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Supporting Materials for Sir! No Sir!

Brothers Revolt

The military likes to say thaat racism is just a reflection of the problem in America, intensified by conditions in combat and other heavy duty. And a group of black GIs stationed at Whiskey Mountain with the 35th Engineering Group know that lifers are more thanm ready to smash any signs of unity among black brothers.

On September 25th, a group of brothers asked permission to attend a memoriaal service in Cam Ranh Bay for a two-year old blac girl killed by a white two years ago in Los Angeles. PFC Willie Norwood said, "There'd been a lot of rain, and when we got to the gate, we were told the bridges were flooded and we couldn't go. They told us we could have the service in our hootch."

So fifteen black and four white GIs holed up in their bunker. Later in the morning, a sergeant came in and talked the white guys into leaving. The scene was set up - fifteen blacks in the bunker surrounded by Charlie Company (299th Eng Bn) with loaded weapons and three APCs.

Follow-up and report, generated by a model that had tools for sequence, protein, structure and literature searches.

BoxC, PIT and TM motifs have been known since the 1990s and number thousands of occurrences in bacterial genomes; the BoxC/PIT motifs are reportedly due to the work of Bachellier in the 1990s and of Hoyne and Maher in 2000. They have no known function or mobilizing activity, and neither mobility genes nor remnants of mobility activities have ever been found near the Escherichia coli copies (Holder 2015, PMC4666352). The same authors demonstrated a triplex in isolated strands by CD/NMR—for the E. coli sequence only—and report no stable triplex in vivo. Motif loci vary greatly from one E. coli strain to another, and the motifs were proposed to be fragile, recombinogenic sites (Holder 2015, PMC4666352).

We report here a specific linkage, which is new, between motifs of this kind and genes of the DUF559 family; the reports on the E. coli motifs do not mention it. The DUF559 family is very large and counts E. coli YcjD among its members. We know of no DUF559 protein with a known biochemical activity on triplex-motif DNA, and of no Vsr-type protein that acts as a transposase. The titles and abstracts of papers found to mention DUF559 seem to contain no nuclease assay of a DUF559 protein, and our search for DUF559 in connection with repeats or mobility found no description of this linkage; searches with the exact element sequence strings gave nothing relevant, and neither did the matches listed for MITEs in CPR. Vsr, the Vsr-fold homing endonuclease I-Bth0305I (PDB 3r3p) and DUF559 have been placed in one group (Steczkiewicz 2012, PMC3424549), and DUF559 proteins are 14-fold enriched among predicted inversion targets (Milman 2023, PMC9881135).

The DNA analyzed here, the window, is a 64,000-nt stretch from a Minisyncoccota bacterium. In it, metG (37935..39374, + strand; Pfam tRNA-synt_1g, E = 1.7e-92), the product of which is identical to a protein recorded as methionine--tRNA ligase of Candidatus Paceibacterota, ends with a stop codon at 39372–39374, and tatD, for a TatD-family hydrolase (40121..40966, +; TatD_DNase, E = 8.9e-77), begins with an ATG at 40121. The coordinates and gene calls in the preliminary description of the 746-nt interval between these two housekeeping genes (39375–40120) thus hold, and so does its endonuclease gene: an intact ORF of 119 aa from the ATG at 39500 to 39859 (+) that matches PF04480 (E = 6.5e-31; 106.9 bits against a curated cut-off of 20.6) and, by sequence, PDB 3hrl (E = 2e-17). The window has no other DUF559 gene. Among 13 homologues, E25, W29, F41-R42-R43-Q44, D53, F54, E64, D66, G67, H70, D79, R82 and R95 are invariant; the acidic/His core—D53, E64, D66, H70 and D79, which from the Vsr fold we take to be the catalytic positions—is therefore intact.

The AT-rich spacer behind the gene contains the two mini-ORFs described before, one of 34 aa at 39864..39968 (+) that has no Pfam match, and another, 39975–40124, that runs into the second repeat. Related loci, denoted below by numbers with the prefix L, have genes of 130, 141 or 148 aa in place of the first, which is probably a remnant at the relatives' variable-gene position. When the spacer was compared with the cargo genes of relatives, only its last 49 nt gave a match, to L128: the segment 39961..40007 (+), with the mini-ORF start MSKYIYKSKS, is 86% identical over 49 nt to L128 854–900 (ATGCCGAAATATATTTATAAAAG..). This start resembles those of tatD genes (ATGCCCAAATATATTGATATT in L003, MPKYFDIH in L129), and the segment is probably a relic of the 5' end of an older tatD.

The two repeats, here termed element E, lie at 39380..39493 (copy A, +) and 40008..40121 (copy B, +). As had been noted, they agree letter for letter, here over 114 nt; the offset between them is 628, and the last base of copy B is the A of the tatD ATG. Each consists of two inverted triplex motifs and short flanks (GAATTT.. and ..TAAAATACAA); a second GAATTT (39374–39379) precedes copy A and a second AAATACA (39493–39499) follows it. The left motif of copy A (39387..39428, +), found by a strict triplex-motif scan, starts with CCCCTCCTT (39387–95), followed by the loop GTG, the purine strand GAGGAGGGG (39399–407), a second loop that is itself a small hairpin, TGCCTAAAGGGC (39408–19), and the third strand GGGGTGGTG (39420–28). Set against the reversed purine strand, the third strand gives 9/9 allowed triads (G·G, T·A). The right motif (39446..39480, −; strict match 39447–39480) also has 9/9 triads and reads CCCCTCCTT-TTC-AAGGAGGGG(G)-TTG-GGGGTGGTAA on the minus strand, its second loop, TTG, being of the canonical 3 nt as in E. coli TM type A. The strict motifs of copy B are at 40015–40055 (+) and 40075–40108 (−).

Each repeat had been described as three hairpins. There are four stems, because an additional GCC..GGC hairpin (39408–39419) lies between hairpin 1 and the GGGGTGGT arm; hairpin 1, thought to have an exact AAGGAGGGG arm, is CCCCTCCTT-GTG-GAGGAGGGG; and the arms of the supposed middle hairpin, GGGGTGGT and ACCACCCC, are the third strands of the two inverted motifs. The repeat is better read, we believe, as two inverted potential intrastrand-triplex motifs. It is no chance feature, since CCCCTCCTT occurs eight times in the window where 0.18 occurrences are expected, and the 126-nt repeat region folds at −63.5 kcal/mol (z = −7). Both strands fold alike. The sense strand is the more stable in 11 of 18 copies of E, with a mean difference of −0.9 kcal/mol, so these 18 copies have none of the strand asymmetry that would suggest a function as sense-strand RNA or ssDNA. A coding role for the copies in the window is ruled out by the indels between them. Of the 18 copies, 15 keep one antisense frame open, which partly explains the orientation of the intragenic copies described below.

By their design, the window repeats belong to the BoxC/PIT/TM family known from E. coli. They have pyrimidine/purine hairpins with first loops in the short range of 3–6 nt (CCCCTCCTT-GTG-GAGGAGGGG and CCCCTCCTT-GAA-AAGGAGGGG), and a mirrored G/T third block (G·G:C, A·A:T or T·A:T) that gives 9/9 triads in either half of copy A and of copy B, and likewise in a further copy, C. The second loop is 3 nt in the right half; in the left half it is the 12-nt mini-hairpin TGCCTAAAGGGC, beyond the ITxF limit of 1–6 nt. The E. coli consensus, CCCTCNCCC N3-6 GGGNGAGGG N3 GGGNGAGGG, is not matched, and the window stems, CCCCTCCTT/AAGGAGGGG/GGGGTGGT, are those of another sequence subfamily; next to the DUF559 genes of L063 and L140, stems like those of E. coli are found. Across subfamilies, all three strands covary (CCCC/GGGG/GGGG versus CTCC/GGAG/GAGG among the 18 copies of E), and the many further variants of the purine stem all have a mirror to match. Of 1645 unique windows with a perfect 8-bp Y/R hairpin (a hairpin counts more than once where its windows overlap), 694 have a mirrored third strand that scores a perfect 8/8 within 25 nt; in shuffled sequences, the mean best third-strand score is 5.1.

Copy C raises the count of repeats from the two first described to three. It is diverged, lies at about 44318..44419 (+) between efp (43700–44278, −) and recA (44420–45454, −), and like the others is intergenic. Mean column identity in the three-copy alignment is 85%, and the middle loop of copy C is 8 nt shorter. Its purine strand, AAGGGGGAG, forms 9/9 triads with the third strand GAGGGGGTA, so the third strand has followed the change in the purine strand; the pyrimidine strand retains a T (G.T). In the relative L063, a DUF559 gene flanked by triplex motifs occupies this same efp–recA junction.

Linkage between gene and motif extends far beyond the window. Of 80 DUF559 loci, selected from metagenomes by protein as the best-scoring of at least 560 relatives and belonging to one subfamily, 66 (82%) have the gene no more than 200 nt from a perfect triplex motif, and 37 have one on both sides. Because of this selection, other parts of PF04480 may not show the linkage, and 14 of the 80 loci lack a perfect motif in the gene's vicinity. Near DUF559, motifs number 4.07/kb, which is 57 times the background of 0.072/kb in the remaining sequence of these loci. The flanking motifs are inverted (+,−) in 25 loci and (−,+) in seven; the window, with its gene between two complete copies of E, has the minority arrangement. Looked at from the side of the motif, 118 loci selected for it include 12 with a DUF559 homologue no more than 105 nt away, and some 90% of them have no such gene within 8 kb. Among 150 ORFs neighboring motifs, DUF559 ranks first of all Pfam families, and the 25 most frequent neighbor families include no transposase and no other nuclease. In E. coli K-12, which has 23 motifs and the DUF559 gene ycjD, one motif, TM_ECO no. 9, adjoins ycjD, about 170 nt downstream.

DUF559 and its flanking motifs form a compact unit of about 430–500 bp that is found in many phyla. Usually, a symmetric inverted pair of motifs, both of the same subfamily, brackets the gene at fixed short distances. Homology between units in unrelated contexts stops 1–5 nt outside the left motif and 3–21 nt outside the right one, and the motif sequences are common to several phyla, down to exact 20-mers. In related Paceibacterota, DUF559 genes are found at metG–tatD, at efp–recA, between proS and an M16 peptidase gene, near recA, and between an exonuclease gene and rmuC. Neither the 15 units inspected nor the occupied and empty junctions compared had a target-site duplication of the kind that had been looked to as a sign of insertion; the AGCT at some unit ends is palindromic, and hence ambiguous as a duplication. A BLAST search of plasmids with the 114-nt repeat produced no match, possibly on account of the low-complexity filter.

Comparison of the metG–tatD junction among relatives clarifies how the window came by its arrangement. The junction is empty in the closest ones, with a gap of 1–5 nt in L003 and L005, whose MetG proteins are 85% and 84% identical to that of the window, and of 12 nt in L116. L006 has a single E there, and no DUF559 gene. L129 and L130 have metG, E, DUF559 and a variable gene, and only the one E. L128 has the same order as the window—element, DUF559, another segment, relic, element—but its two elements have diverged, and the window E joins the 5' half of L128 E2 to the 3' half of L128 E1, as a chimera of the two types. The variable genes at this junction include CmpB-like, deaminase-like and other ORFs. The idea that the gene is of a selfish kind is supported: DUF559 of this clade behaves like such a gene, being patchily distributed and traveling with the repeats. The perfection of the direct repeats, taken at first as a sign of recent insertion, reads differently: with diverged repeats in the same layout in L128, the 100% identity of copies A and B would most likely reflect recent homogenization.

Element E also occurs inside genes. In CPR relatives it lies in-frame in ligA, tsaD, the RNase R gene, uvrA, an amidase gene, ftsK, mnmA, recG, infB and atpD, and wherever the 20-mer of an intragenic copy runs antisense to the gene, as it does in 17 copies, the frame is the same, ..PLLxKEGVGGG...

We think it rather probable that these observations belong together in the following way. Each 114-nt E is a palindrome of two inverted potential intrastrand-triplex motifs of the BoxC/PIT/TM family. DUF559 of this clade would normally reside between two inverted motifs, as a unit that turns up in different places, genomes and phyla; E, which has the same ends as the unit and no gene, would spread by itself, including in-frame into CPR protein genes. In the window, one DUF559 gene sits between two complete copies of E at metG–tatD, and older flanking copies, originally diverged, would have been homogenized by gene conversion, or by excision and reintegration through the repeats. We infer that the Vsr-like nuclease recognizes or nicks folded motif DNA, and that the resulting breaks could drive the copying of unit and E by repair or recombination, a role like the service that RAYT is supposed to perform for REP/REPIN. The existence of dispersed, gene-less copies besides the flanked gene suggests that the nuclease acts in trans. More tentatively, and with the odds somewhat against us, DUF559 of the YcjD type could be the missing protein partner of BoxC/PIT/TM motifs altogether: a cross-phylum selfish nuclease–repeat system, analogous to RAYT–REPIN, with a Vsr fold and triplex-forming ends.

Sp/4 Bobby Williams was one of the people inside. "One guy said he smelled smoke. That was it. An explosion went off. We staggered outside and two of the guys collapsed. One guy went into a state of shock."

On the outside Sp/4 Herlin Lee saw "Guys come out and drop to the ground like they were dead. It seemed like the whole of Chalie Company was on the scene with their loaded weapons pointed at the brothers as they came out."

Reporters talked with three of the brothers as they were being transsferred. The Army charged fourteen of the guys with mutiny and held them in Long Binh for a week before they were persuaded to cop to lesser charges. The men got demotions, fines and paay cuts of more than $100. Two of them were still in the stockade three weeks after the mutiny. And not surprising, no one was charged with setting off the mysterious explosion.

Racism issn't the only problem at Whiskey Mountain. Smack is widely used there and there are frequent frags and other "occurences" as the Washington Post calls them. These are all directly relaated to the fucked up conditions at the base, like most places in the nam. And then the lifers pull their racist tactics out when people begin to combat these conditionss. As Whiskey Mountain showed, they'd rather kill their own men thaan deal wth the real problem: that GIs, black and brown and red and yellow and white, shouldn't be there at all.

Up Against the Bulkhead, vol. 2, no. 10

 

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